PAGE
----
The recent approval of Truqap (capivasertib) with hormone/endocrine therapy, Faslodex (fulvestrant), for a specific group of patients with HR-positive, HER2-negative breast cancer offers patients more treatment options, especially to match their specific mutational profiles, an expert said.
In November, the Food and Drug Administration (FDA) approved Truqap for patients with advanced or metastatic breast cancer with one or more PIK3CA/AKT1/PTEN-alterations who progressed on at least one endocrine-based regimen in the metastatic setting or experienced recurrence within one year of finishing adjuvant therapy.
According to the National Cancer Institute, Truqap is a drug that blocks a protein called AKT, which can help prevent cancer cells from growing and may help destroy them. The drug is currently used to treat patients with metastatic HR-positive, HER2-negative breast cancer with abnormal PIK3CA, AKT1 or PTEN genes, but is being studied for the treatment of other cancers.
“In this particular case, what we’re trying to do — in what I call precision oncology — is to create drugs that will specifically attack genetic alterations that are only found in the cancer cell,” Dr. Ben Ho Park added during an interview with CURE®. “We don’t want to drug to attack our normal cells, we want to only attack the cancer cells.”
Park is the director of the Vanderbilt-Ingram Cancer Center and for the division of hematology and oncology, and is a professor of medicine at Vanderbilt University Medical Center.
He noted that the approval of Truqap plus Faslodex is important for this patient population because of its effectiveness, compared with other types of drugs.
“(Breast cancer and all cancers are) also always mutating, and that’s why they can develop (drug) resistance. So, then we had other drugs that were used in combination with these endocrine therapies that work better,” Park said. “And so, Truqap is kind of the latest in a long line of that thinking. So, it’s approved with an endocrine therapy for this population of hormone receptor-positive breast cancers that have become resistant to other types of drugs.”
Prior to the FDA’s approval of Truqap plus Faslodex, this particular patient population typically received endocrine therapy via an oral pill with CDK4/6 inhibitors, according to Park.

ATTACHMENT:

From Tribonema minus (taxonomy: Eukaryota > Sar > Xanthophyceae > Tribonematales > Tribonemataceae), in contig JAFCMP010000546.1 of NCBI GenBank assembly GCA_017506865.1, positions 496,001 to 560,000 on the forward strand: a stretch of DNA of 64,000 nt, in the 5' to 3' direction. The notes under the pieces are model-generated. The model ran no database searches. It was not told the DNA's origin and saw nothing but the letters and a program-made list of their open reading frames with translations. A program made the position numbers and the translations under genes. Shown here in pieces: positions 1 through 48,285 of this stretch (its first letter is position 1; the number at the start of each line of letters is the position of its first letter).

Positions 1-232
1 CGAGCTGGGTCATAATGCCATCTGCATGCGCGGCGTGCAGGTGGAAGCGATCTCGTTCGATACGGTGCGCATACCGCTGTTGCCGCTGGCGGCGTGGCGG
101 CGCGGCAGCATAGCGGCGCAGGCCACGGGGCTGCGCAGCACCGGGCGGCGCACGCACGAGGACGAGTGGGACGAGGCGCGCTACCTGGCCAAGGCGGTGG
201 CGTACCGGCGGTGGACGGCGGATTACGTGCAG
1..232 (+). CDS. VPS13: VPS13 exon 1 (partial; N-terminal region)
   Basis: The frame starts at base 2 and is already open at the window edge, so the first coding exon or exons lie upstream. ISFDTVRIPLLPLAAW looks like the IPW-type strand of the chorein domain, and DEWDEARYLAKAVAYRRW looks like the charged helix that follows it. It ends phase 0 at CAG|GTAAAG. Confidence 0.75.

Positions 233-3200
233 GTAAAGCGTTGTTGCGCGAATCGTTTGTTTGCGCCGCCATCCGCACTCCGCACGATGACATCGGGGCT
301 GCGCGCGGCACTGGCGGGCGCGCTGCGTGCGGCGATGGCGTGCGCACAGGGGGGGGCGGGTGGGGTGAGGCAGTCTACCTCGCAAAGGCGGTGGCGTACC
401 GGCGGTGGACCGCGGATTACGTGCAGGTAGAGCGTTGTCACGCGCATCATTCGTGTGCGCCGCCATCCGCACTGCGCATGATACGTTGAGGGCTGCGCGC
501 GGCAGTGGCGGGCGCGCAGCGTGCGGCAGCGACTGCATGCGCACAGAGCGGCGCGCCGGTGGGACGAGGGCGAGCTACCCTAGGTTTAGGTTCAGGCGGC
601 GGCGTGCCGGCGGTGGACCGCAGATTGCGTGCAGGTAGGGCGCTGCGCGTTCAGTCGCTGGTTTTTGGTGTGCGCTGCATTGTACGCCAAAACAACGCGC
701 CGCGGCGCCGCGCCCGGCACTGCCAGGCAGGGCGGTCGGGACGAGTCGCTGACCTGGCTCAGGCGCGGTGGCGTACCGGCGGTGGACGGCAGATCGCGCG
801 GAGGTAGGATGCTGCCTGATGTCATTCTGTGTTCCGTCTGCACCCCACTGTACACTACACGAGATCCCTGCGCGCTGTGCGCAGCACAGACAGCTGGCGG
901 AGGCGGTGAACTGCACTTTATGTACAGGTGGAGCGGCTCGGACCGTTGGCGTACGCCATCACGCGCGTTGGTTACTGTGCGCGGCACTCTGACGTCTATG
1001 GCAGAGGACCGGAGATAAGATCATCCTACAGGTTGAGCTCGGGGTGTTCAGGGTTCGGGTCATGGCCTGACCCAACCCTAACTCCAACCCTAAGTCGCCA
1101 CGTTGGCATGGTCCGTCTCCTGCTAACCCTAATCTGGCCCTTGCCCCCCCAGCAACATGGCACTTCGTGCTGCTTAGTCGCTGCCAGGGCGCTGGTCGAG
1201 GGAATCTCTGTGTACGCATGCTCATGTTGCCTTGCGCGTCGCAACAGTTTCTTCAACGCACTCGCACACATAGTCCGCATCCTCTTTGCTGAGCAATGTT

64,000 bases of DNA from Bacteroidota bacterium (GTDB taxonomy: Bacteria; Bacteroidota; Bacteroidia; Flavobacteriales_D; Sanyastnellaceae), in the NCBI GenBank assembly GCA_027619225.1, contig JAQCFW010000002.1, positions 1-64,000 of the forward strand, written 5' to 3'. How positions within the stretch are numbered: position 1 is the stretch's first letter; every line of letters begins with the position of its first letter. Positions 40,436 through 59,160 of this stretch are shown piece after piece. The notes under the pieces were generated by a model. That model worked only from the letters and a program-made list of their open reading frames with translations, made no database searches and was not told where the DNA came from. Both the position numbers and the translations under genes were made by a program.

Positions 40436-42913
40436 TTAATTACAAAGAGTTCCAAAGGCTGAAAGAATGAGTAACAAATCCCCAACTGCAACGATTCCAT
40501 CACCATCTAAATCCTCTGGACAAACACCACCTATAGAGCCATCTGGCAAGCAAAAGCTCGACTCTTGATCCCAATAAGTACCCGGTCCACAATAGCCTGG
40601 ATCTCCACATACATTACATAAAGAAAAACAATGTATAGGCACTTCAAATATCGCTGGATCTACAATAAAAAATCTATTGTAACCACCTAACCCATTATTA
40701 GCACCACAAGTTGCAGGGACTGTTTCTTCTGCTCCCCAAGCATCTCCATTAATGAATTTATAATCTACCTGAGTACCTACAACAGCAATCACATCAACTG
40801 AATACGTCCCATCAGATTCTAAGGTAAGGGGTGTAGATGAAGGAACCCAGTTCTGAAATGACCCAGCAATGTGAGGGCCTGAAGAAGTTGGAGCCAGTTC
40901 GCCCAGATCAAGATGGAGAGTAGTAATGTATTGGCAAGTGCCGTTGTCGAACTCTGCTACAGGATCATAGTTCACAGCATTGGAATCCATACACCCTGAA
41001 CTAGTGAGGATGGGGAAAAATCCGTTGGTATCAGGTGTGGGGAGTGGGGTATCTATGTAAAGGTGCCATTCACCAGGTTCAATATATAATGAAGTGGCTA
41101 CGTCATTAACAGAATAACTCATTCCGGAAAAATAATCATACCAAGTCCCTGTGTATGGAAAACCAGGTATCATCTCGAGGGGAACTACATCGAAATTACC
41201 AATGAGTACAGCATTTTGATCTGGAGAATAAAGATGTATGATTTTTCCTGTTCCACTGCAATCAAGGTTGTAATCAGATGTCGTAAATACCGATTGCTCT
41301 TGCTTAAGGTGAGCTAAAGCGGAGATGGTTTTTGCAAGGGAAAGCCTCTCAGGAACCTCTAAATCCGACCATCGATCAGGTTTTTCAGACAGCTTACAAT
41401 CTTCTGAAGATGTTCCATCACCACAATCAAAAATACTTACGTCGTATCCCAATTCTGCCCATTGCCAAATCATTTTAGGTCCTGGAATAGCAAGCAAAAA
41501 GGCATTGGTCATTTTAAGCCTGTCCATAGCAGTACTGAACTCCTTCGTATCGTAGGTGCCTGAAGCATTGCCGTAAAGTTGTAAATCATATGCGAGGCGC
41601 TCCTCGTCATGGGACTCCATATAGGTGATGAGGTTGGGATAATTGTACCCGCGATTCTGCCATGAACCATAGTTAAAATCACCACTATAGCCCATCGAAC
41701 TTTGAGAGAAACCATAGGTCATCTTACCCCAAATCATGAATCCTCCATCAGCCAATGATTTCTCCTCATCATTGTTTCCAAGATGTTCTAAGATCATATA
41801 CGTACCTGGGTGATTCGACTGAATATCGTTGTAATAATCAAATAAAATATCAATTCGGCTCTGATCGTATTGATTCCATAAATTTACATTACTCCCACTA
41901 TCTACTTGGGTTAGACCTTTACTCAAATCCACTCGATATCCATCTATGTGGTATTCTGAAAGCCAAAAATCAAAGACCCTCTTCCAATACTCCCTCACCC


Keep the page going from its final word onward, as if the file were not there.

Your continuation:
“The big real class of drugs that made a huge impact (are) what we now call CDK4/6 inhibitors. These are drugs like (Ibrance [Palbociclib]), (Kisqali [ribociclib]) and also (Verzenio [abemaciclib]),” Park said. “When these are combined with endocrine therapies, again, after progression, they have kind of a huge effect. And in fact, now we know if we use them upfront with endocrine therapy, you can get much better longevity in terms of disease control (in metastatic disease).”
In terms of unmet needs the Truqap-Faslodex combination addresses, Park noted that it provides patients with more treatment options than before.
Although there are available treatments that have also been FDA-approved, Park said that some patients in this respective population are unable to tolerate doses of these drugs. Now, patients who cannot tolerate other drugs have the ability to try the new Truqap-Faslodex combination.
“I think that that’s where having more options allows more patients to get the therapies that are matched to their kind of mutational profile of their cancer,” he said.
However, there are unmet needs that persist for this patient population. Park emphasized that there is still plenty of research that needs to be done, especially finding effective drugs for younger patients with HR-positive, HER2-negative breast cancer.
“So, in that sense, we have to do better. We have to do more research, we have to figure out how to cure all types of breast cancers, metastatic, early stage, hormone, receptor-positive, et cetera. I don’t think any of us are going to rest until that is done.”
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